Shrewsbury, Massachusetts- David Gordon Green is almost as perplexing filmmaker as Nicolas Cage is an actor. Starting out with indie hits like George Washington, Green hit big when he directed Pineapple Express which led to a brief period of studio comedies that were not as great as that first film. Then last year he released the little film Prince Avalanche, which seemed to show him returning to his indie roots. Now he has released Joe a film that looked like it could show the rise of Green and its star Nic Cage.
Joe is an ex-convict now working as a tree-cutter. He keeps mostly to himself and never goes out of his way for fear of returning to his old life. That changes when a young boy named Gary rolls into town with his family. Seeing Gary’s torrid home life, Joe begins to service himself as a role model to Gary. That is, until things start to take a turn that could lead to Joe’s ruin.
Joe is a hard film to pin down. At first glance it seems like Green and company are trying to make the next Mud: a sprawling coming-of-age tale with an unlikely role model. What happens instead is a character study that goes at a snail’s pace. Prince Avalanche was a slow character piece as well and Joe seems to be hitting all the same beats just with a different set of characters. What results is an okay movie that could be better.
The performances though are very well done. Tye Sheridan (his first big film since Mud, hence the comparisons) is continuing to grow as an actor and his work as Gary is quite good. Nic Cage is does a nice job as well as the titular Joe and shows that he still can be a good actor when he’s not making bad movies for money. The big breakout performance though is Gary Poulter as Gary’s menancing alcoholic father Wade. Poulter was an actual homeless person Green found and put in the movie (he would tragically die three months later) and his performance adds a layer of authenticity to the film.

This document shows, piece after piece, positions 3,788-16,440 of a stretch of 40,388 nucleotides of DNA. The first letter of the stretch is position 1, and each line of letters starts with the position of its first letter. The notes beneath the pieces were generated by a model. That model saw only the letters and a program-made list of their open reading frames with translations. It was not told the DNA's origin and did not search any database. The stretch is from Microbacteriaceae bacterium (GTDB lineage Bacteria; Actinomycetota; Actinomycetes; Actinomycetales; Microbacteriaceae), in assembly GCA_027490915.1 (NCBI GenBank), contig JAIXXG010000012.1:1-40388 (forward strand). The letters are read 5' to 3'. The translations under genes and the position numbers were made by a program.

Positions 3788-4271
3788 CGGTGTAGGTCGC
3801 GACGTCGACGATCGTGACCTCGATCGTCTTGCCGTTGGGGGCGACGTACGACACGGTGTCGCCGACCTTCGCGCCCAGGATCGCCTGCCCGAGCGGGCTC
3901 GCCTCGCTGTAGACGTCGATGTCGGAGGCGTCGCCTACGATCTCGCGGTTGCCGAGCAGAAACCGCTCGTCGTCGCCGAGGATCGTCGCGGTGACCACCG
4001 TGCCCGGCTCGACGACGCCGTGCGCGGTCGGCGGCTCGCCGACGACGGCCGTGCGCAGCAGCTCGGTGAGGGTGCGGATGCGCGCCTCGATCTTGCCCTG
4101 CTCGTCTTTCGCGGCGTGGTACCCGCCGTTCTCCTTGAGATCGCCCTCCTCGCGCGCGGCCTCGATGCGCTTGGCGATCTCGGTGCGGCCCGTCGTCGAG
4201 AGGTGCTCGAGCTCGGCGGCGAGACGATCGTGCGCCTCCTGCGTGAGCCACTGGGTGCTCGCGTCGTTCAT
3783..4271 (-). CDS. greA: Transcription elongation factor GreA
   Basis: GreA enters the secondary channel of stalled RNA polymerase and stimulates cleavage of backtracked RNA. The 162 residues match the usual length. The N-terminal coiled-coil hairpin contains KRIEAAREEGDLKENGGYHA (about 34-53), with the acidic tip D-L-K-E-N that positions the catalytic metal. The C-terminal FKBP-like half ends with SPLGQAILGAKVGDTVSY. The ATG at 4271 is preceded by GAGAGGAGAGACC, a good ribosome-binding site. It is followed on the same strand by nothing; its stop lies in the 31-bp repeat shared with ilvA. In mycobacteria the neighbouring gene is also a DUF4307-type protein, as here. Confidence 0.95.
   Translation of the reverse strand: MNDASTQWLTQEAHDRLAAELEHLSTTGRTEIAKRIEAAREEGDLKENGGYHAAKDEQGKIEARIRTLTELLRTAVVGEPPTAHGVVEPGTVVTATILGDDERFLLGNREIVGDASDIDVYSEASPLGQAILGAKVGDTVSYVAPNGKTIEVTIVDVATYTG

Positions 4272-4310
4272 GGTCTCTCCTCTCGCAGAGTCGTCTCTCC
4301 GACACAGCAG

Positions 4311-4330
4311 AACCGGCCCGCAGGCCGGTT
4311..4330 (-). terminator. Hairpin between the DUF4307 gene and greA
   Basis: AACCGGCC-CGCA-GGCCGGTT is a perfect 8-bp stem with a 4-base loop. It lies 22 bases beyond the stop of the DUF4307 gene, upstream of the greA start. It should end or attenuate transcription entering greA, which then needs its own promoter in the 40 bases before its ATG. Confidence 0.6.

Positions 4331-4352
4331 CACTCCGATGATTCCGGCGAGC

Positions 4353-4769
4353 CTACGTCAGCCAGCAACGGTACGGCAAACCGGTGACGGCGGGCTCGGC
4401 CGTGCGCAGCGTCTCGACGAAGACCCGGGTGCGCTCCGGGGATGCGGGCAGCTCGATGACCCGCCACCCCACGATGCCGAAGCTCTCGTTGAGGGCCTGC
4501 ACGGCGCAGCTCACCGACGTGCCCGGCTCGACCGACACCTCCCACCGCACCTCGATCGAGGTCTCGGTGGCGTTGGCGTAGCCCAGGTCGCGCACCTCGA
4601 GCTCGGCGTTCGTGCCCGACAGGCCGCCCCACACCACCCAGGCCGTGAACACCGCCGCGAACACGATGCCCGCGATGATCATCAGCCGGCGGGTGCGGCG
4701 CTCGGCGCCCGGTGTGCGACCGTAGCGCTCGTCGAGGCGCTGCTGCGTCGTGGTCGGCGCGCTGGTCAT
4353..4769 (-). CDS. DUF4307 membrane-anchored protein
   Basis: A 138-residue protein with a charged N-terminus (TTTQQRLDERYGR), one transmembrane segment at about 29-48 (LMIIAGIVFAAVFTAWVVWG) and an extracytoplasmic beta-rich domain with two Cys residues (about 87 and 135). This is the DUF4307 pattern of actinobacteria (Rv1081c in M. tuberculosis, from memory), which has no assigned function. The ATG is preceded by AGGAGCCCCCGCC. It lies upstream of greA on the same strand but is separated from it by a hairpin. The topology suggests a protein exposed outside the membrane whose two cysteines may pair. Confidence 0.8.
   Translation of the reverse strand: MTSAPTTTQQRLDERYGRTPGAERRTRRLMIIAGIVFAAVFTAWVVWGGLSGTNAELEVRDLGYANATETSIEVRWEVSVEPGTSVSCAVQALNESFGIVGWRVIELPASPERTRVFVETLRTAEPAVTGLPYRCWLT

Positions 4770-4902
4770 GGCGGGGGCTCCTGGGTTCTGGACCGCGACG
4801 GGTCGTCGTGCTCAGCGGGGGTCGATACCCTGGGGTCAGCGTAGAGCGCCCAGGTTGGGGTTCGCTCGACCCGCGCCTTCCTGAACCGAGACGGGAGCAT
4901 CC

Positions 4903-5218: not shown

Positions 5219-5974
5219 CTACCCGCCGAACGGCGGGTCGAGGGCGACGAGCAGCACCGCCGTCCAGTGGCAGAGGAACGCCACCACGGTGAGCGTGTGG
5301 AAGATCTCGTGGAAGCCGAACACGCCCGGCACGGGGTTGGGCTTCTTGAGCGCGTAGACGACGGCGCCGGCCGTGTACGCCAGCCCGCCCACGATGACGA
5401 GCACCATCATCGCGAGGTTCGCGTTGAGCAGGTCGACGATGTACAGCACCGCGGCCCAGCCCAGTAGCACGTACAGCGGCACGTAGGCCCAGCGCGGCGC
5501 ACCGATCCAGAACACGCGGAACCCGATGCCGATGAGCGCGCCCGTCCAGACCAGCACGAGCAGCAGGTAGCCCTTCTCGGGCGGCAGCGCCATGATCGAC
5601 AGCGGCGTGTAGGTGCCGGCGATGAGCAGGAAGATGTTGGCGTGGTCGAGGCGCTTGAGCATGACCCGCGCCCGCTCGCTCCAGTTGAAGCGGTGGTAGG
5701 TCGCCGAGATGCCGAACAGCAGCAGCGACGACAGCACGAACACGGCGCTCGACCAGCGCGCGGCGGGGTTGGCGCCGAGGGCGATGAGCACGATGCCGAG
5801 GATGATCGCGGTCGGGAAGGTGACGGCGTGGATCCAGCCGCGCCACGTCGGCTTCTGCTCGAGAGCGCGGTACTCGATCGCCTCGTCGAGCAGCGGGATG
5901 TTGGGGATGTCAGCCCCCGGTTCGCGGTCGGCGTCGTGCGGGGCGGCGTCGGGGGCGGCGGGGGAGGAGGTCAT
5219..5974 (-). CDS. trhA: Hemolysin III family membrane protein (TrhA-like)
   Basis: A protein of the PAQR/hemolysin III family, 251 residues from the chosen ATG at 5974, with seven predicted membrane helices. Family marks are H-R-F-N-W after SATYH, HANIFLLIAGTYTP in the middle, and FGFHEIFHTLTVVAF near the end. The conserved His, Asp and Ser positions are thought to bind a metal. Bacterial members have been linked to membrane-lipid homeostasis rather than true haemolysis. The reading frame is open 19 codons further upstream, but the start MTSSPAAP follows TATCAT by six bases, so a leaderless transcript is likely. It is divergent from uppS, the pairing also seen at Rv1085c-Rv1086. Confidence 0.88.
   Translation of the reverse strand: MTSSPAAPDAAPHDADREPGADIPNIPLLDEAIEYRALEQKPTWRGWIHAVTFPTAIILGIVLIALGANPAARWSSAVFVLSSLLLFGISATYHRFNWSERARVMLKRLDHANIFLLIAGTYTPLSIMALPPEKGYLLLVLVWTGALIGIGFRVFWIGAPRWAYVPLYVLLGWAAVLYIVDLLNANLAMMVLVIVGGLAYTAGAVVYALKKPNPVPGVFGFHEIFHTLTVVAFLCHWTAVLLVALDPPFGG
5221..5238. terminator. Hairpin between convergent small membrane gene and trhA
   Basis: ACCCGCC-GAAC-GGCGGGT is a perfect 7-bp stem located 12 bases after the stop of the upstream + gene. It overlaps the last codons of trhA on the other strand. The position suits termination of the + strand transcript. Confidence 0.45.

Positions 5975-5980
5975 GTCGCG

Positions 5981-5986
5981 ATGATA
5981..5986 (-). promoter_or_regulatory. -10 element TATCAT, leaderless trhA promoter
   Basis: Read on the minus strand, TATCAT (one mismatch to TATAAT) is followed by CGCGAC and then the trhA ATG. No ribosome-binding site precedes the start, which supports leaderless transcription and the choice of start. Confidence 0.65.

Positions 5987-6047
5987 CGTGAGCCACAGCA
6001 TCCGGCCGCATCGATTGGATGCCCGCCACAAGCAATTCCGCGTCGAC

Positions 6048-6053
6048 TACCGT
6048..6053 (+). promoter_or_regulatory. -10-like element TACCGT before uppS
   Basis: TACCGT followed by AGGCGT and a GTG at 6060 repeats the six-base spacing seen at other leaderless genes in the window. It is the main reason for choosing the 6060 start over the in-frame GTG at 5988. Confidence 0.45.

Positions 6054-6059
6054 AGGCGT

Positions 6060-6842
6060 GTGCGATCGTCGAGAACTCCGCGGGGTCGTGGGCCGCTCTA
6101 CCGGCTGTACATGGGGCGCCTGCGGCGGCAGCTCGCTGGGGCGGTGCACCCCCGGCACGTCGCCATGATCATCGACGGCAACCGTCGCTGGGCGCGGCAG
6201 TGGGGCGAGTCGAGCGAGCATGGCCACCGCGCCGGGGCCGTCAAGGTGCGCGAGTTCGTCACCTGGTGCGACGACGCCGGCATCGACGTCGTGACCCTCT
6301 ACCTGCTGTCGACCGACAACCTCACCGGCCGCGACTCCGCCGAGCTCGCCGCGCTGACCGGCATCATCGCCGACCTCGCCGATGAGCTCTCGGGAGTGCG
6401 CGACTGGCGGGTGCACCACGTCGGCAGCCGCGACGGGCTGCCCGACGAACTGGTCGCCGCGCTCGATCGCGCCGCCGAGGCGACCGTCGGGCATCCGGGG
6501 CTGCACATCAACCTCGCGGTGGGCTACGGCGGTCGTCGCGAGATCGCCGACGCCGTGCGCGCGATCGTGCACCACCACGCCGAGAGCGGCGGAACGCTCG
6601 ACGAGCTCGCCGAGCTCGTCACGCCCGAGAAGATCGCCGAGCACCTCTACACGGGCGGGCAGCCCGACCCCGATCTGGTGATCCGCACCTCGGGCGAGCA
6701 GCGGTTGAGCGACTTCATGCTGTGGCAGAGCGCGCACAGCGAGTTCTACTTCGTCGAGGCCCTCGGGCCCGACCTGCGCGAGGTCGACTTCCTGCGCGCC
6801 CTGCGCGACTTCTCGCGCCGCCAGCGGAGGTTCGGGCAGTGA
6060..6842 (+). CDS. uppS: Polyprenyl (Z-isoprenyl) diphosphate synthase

Joe is a movie that could have been better. It’s got great moments within it, but it never fully hits the mark it wants. It takes its sweet time unraveling its story and slowing the momentum can work, but it can only take you so far. Joe is merely an okay movie, but watching it starts to become tiring after a while. It’s worth a try, but if you can’t make it through, it’s understandable.
Joe is available to watch on demand on iTunes and Amazon.